“At this time we are seeing momentum in deals that were already in motion,” said Tomer Fridman of Compass.
Slashed prices, pulled listings, and cutbacks
Deals that are closing are coming at a discount.
The prolific wife-husband duo of Rayni and Branden Williams are still selling, though Branden Williams said one transaction came at a 15 percent discount due to “the market coming down.”
“We’ve been putting out fires,” said Shapiro of Westside, noting multiple discounts of 20 percent happening at his brokerage. Shapiro voiced concern about listings agents who did not live through the 2008 financial crisis, and may have too much “pride and ego” to be willing to have the necessary conversations about price cuts with their clients.
A separate problem for agents is homes that have just hit the market.
“You have some sellers who want to put their property on hold on the MLS for 30 days, some want to wait out a year,” said Ben Bacal, a broker at Side-affiliated Revel Real Estate whose deals include the “Billionaire” spec mansion developed by Bruce Makowsky.
“I’m seeing sellers doing price drops,” Bacal said. “Very healthy ones, anywhere between 20-40 percent off in the high end. For example, a property that is asking just under $50 million, is now willing to take an offer in the $30 million range or low 20s.”
Commissions from such big-ticket sales help keep the lights on at boutique shops like Hilton & Hyland. The Beverly Hills firm was dealt a blow this week when Jeff Bezos pulled out of paying $90 million for the estate of Paul Allen, land that was listed by four Hilton & Hyland agents.
Billy Jack Carter, the brokerage’s general manager, downplayed the present crisis.
“Despite the recessions and market downturns, we have remained debt-free for the 27 years that we have been in business,” Carter said. “We are fortunate to be selling in a premier destination city, which we expect to be less impacted than many other metropolitan areas.”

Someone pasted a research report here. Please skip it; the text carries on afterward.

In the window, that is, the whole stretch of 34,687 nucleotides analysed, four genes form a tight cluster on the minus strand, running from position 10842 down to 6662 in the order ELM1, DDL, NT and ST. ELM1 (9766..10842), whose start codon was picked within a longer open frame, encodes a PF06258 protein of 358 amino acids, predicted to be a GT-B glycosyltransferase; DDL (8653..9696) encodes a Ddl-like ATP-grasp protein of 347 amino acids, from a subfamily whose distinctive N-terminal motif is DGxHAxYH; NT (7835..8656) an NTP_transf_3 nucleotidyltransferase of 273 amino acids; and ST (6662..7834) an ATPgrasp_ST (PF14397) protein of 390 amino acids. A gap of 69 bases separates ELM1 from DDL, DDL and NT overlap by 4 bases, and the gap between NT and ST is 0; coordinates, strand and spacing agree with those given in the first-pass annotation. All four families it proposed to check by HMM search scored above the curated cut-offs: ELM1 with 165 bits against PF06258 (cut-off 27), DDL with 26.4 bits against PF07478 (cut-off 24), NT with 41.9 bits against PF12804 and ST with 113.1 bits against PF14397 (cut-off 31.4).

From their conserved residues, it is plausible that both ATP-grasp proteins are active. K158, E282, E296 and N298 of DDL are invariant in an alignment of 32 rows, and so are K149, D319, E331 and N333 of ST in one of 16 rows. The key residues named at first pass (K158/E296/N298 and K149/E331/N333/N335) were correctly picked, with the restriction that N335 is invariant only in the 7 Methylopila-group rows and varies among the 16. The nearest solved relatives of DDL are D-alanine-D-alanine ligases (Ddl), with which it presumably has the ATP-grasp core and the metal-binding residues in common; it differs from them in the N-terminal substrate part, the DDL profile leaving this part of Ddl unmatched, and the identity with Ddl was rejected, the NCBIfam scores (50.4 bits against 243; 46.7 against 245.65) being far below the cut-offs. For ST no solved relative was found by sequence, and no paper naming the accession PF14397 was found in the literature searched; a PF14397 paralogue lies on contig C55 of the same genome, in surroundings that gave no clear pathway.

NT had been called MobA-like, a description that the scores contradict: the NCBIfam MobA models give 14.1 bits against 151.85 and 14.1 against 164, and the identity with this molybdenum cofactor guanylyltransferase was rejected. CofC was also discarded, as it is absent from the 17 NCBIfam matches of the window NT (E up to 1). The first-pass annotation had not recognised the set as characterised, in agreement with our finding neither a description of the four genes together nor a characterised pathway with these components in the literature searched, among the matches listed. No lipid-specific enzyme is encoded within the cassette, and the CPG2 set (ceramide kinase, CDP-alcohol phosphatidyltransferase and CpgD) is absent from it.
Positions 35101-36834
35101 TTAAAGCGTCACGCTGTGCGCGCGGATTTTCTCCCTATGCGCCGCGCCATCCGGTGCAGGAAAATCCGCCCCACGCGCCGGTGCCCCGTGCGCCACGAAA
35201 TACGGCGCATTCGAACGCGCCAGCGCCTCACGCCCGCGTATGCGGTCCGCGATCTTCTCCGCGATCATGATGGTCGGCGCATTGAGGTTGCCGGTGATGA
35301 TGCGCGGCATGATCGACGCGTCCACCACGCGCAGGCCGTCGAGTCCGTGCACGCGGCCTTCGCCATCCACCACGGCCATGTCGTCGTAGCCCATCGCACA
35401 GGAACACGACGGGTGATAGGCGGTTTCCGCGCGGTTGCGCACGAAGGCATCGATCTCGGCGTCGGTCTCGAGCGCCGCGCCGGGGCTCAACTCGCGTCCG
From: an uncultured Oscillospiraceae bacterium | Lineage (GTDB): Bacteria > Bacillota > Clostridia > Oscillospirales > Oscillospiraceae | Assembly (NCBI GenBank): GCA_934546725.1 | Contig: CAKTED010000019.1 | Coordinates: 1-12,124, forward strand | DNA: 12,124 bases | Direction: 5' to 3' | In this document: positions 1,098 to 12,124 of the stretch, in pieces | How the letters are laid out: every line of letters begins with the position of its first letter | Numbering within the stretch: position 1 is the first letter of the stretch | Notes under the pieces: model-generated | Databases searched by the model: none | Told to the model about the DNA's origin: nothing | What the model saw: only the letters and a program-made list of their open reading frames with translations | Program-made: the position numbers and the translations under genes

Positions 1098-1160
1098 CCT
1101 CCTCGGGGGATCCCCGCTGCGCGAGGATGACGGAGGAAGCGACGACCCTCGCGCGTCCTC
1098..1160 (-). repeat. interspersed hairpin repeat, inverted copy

Carter demurred on questions of layoffs, stating, “We’ve always been very careful to hire out of necessity, which has kept us well-positioned for any economic downshifts.”
Brokerages- who make the lion’s share of their revenue by taking a cut of commissions earned by independent contractor agents – couched staff layoffs as an unlikely measure of last resort.
A public filing by Coldwell Banker parent Realogy indicated no pink slips, but “temporary salary and work-week reductions for a majority of our employees.”
Compass, the LA County’s second-biggest brokerage by sales volume behind Coldwell Banker, has announced nationwide layoffs of 15 percent, and Compass spokesperson John Wagner said cuts in L.A. County were at about that number too.
However, Wagner added, “Our day-to-day operations will be the same and the remaining Compass employees will continue to operate at the highest level possible.”
Optimism by many brokerages contrasts with other real estate industries like hotels, which have made no secret they’re getting walloped by the fallout from the pandemic, and construction, where companies admit they’re baffled about what work they can do.
“Brokers have to be optimistic,” said Craig Gilbert, an appraiser active in the county. “Their job is to sell. And right now they are selling a refrigerator to an eskimo.”